Olive tree sabotage plagues Palestinian farmers

Joe Dyke
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Palestinian farmer Mahmud Abu Shinar says the sight of severed olive trees has become a familiar one

Palestinian farmer Mahmud Abu Shinar says the sight of severed olive trees has become a familiar one (AFP Photo/ABBAS MOMANI)

Nablus (Palestinian Territories) (AFP) - Palestinian farmer Mahmud Abu Shinar surveys two rows of severed olive trees -- something he says has become a sadly familiar sight.

He didn't see who took a chainsaw to them at night, but he blames residents of an Israeli settlement a few hundred metres (yards) away.

"We came on Sunday and were shocked that all these trees were cut down," Abu Shinar said.

"I called the landowner. They came and the (Israeli) army and security forces came too. But of course it was useless."

Olives are perhaps the most well-known and abundant Palestinian product, with trees lining valleys and terraced hillsides throughout the occupied West Bank.

The first rains after the hot summer months are the signal for farmers to begin harvesting their crop, but it can come with risks.

In many places, farmers say they face intimidation and violence from nearby settlers and call in support from foreign and Israeli supporters, including Jewish rabbis, to protect them and their crops.

Some of the incidents are seen as attempts at revenge following Palestinian attacks on Israelis, even if the farmers targeted were not involved.

In other cases, say rights groups, there is little motivation other than just to destroy Palestinian property.

Some rights groups have distributed video footage of such incidents in a bid to pressure Israeli authorities to act.

Israeli settlers charge that their crops have also been damaged by Palestinians, including an incident in May when around 1,000 grapevines were allegedly destroyed.

More than 7,000 Palestinian-owned trees have been vandalised so far this year, according to the United Nations.

In the whole of 2017, it was less than 6,000, the year before only 1,600.

- 'They want the land' -

Abu Shinar said that in recent weeks around 200 trees had been destroyed in fields he works on near Ramallah in the central West Bank, costing thousands of dollars in lost earnings.

"They want the land," he said, of the settlers. "Who else would come and commit a crime like this?"

The body that represents West Bank settlements said there was also an increase in attacks on Israeli-owned farms, labelling it "agricultural terror".

Israeli police said they were "investigating a number of incidents when damage was caused to olive trees".

"There have also been a number of complaints made by Jewish owners of fields of damage caused to olive trees."

Patrols have been stepped up, police spokesman Micky Rosenfeld said.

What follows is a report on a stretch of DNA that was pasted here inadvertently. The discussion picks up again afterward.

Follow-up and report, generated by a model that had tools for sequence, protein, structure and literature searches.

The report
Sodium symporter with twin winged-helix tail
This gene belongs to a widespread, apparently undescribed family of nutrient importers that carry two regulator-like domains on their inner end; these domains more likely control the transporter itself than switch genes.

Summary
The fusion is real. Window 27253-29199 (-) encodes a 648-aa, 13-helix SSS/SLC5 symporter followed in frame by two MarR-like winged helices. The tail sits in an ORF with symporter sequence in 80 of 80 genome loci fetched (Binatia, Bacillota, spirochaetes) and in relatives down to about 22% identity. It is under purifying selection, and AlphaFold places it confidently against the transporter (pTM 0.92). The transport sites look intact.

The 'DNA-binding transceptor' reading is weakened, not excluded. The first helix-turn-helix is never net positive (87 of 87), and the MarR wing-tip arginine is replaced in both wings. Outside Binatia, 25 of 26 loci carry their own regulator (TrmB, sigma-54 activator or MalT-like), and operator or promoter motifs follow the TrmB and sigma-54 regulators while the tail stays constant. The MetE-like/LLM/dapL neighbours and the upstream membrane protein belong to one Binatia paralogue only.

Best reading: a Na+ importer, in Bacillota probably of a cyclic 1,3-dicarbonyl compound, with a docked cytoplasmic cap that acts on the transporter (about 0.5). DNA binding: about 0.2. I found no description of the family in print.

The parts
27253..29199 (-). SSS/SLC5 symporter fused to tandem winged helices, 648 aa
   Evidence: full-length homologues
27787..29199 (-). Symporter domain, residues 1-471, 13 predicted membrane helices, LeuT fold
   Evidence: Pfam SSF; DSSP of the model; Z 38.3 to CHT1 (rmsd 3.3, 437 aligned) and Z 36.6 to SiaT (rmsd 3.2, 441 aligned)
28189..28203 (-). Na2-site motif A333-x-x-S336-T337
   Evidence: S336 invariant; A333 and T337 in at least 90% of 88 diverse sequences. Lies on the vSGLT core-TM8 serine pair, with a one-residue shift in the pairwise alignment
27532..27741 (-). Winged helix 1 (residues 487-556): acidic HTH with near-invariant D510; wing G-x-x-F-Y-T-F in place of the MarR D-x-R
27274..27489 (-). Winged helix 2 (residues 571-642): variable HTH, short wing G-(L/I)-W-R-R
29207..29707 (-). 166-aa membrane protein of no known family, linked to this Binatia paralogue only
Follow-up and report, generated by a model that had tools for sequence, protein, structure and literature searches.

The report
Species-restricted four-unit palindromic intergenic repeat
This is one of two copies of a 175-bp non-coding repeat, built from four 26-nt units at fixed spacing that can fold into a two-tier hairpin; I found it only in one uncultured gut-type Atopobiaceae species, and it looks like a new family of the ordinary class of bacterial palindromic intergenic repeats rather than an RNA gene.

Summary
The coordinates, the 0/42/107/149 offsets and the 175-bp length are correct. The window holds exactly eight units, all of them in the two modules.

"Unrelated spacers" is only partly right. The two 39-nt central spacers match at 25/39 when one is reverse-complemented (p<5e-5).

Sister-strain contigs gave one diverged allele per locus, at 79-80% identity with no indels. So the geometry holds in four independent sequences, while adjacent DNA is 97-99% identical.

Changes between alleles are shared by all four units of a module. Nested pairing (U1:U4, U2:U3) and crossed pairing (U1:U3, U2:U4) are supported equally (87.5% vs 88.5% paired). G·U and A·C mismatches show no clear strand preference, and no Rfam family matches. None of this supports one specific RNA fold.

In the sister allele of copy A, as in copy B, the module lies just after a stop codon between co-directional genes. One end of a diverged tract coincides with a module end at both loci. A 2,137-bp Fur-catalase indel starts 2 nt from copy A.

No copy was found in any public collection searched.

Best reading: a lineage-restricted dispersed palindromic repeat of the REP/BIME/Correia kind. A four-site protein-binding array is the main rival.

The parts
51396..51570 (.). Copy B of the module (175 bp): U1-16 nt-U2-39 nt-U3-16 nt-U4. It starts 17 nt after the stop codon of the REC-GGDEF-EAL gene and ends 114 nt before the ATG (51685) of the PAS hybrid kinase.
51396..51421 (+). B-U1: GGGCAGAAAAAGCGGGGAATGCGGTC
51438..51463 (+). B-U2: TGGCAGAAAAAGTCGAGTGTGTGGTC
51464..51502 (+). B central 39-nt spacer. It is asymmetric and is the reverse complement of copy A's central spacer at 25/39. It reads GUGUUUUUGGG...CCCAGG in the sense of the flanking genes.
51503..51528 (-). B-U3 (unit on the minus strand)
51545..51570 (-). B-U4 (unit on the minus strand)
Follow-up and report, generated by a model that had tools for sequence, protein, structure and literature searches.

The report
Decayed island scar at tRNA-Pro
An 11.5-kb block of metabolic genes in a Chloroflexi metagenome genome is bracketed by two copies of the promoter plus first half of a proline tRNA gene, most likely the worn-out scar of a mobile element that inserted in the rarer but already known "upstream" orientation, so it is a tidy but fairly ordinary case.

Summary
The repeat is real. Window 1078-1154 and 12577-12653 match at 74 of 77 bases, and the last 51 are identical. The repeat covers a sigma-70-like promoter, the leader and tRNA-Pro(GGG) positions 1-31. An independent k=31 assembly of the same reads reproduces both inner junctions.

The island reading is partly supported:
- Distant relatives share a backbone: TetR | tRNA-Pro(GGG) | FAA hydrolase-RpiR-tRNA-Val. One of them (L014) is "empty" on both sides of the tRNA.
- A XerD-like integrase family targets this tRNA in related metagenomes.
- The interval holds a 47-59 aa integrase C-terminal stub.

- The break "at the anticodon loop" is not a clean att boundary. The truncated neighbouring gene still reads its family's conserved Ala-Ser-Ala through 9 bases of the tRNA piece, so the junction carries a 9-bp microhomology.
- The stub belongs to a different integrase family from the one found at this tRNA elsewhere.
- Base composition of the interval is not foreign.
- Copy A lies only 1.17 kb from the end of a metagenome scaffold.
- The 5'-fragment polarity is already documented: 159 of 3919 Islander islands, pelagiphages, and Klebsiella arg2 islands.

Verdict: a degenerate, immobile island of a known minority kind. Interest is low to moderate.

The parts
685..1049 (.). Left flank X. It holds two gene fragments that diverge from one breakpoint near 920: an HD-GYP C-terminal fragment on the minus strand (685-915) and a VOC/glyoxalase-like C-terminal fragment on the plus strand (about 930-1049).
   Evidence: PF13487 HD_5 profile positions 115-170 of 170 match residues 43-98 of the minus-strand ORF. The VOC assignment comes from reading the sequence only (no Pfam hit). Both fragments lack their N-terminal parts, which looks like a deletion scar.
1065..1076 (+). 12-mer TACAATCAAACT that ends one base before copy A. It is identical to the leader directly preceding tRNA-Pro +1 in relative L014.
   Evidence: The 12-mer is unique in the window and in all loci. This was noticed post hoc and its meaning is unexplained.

But rights groups charge that Palestinian crops have long been vandalised by settlers without any serious effort by the authorities to stop it.

Around 400,000 Israelis live in settlements that dot the West Bank and range in size from large towns to tiny hamlets.

The international community considers them illegal.

A few dozen kilometres (miles) north of Abu Shinar's trees near the city of Nablus, a small group huddles under a tree, picking through the leaves for olives.

Just 10 metres (33 feet) away stands an abandoned house daubed with Hebrew graffiti, while the Israeli settlement of Har Brakha is over a hill.

Israeli forces patrol the area, with one soldier telling the Palestinians they are "there to help".

But the farmers said that two days earlier settlers had run down and damaged trees. They claimed the army is often slow to react and sides with settlers.

They invite international and Israeli supporters to attend the picking season to help protect themselves.

- 'Consider us traitors' -

Retired British woman Caroline, who declined to give her full name, said she had been coming each year for a decade to work with Palestinian communities close to "particularly difficult settlements".

This year, she said, she went with a female farmer to her land near a settlement, but the army blocked their path.

"When she eventually got into the groves, 100 of her trees had been chainsawed down by settlers. There weren’t even any olives for us to pick," she said.

Rabbi Gil Nativ makes sure to wear his kippa cap as he picks olives to show Palestinians not all Jews support Israeli settlement expansion.

"Some (Israelis) consider us as traitors," said Nativ, who volunteers for the Rabbis for Human Rights organisation.

"For me the main principle of the Jewish faith is all men are created in the image of God and all human beings are descendants of the same Adam and Eve."

Yigal Dilmoni, CEO of the Yesha Council which represents Israeli settlements, said in a statement to AFP that they "deplore all acts of vandalism and purposeful destruction of property".

He highlighted a series of Palestinian attacks on Israeli settlements.